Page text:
Regarding the advantages of online rehearsals (Question 5), the answers of the participants are diverse. Online presence divides the group in terms of their preferences. For some participants virtual attendance might be more accessible, while other participants ranked mood and motivation lower because of their disappointment with the lack of face-to-face interaction. The choir leaders, therefore, face new challenges in the long term: they have to adapt to the different needs of the group members.
The objective of this article is to underscore the supportive functions aphasia choirs have in the participants’ everyday life and emphasize the significantly increased mental burden they have to manage due to the restrictions during the SARS-CoV-2 pandemic.
It is clear that nearly all of the aphasia choir members would like to reunite face-to-face as soon as possible. Taking the conclusions of this period into account as well as the surprising advantages of online rehearsals necessitated by the SARS-CoV-2 pandemic restrictions, the ‘post-Covid 19’ era will probably differ from the ‘pre-Covid 19’ era in the following perspective: It can be assumed that those aphasia choirs that survive this pandemic period by reverting to online methods will presumably remain more open to online or hybrid meetings in the future.
Based on all our findings and our experiences, more research is required in this field. The following topics can provide a basis for future research: aphasia choirs’ coping methods with the online opportunities globally, changes in the numbers of members during the long-term functioning of the choir and during the SARS-CoV-2 pandemic era, the participants’ challenges since the introduction of online rehearsals, and long-term solutions––online, offline or hybrid. This study is hoped to stimulate more comprehensive research on the topic.
The authors are grateful to the members of the Hungarian Aphasia Choir for their cooperation and to the secretary of the Hungarian Aphasia Association, Zsuzsanna Dallos, for her continuous support towards the group.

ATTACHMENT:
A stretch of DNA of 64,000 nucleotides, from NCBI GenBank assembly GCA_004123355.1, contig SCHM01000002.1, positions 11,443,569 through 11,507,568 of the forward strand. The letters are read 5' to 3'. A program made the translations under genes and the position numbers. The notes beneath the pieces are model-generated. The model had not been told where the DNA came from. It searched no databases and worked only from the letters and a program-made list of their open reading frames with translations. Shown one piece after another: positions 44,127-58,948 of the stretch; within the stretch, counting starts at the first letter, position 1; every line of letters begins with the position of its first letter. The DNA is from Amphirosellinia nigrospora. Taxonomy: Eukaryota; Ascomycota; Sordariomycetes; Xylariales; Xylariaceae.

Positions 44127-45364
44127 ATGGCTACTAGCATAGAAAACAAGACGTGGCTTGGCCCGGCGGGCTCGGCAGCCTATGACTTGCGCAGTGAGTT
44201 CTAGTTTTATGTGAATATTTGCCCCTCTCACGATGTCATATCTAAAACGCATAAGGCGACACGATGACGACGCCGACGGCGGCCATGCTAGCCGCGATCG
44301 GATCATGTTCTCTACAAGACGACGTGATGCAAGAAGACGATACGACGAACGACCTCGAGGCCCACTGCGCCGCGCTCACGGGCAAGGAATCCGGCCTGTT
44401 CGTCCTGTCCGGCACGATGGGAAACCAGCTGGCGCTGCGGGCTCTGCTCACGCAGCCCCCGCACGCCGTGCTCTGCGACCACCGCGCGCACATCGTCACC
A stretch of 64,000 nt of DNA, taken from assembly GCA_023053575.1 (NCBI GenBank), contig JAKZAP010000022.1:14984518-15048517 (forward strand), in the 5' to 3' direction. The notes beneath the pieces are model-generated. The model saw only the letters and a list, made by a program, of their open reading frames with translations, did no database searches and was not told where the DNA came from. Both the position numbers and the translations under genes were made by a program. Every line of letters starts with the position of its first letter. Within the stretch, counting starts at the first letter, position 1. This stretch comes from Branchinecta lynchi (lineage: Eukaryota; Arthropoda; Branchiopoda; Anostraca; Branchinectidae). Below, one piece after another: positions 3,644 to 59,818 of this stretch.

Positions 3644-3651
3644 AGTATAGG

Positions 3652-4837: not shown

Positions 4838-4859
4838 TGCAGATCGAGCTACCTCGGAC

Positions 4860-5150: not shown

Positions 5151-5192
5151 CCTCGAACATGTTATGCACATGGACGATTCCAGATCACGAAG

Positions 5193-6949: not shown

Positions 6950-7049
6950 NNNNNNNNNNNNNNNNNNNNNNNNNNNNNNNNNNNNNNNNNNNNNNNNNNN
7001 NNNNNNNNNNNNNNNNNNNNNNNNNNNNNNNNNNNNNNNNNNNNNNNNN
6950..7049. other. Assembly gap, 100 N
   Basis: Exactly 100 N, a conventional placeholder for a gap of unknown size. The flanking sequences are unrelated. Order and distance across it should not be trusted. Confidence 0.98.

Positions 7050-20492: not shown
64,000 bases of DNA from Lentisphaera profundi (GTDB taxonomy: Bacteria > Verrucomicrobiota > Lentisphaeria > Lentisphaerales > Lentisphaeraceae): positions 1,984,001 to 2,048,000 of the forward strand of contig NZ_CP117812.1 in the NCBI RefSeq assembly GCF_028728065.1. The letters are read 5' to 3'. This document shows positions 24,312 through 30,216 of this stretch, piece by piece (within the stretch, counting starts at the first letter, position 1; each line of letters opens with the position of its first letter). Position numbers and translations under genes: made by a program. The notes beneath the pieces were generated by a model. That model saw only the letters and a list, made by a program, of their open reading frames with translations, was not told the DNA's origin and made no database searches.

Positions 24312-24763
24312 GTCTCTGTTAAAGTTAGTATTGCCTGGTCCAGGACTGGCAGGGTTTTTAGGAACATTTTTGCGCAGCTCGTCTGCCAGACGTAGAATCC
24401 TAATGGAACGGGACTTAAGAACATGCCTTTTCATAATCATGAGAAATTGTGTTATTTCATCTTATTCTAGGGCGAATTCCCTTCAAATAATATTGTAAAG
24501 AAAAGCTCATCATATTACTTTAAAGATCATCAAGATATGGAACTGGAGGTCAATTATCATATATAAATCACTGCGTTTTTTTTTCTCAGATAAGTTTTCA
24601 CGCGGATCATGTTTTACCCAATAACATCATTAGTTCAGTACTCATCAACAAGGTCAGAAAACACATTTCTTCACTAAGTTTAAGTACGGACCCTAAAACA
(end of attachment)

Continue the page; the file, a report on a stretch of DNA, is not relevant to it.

About the Authors
Zsófia Fekete is a registered music therapist and a member of the Hungarian Music Therapy Association. Zsófia has more than twenty years of clinical experience at the National Institute of Medical Rehabilitation (Hungary). She obtained her PhD degree at the University of Pécs in 2021. She mainly works with patients with serious brain injury, coma and aphasia. She is the founder of the first Hungarian Aphasia Choir (Hangadó Énekegyüttes) with Fanni Eckhardt, where people struggling with severe aphasia can experience the benefits of community singing therapy. She is also the founder of the vocal ensemble Staccato (1996), where she tries to adopt inclusivity, helping people to join the choir after acute rehabilitation. Zsófia has helped and given inspiration to numerous students taking part in Hungarian music therapy trainings. She regularly holds lectures on music therapy in the neurorehabilitation at rehabilitation medicine trainings for graduate doctors.
Fanni Eckhardt is a current Master of Music Therapy student at ArtEZ University, The Netherlands. Her master research topic is self-concept improvement for people with aphasia through therapeutic songwriting or other music therapy interventions. She has been working in aphasia rehabilitation since 2014 as a music teacher and as a music therapy trainee at the National Institute of Medical Rehabilitation (Hungary) and at the Hungarian Aphasia Association. She is a board member of the Association Internationale Aphasie (AIA), and the co-leader of the first Hungarian Aphasia Choir (Hangadó Énekegyüttes), founded in 2016 by Zsófia Fekete. She holds a bachelor and a master’s degree in music education from the Franz Liszt Academy of Music (Hungary) and is an online communication advocate for people with aphasia.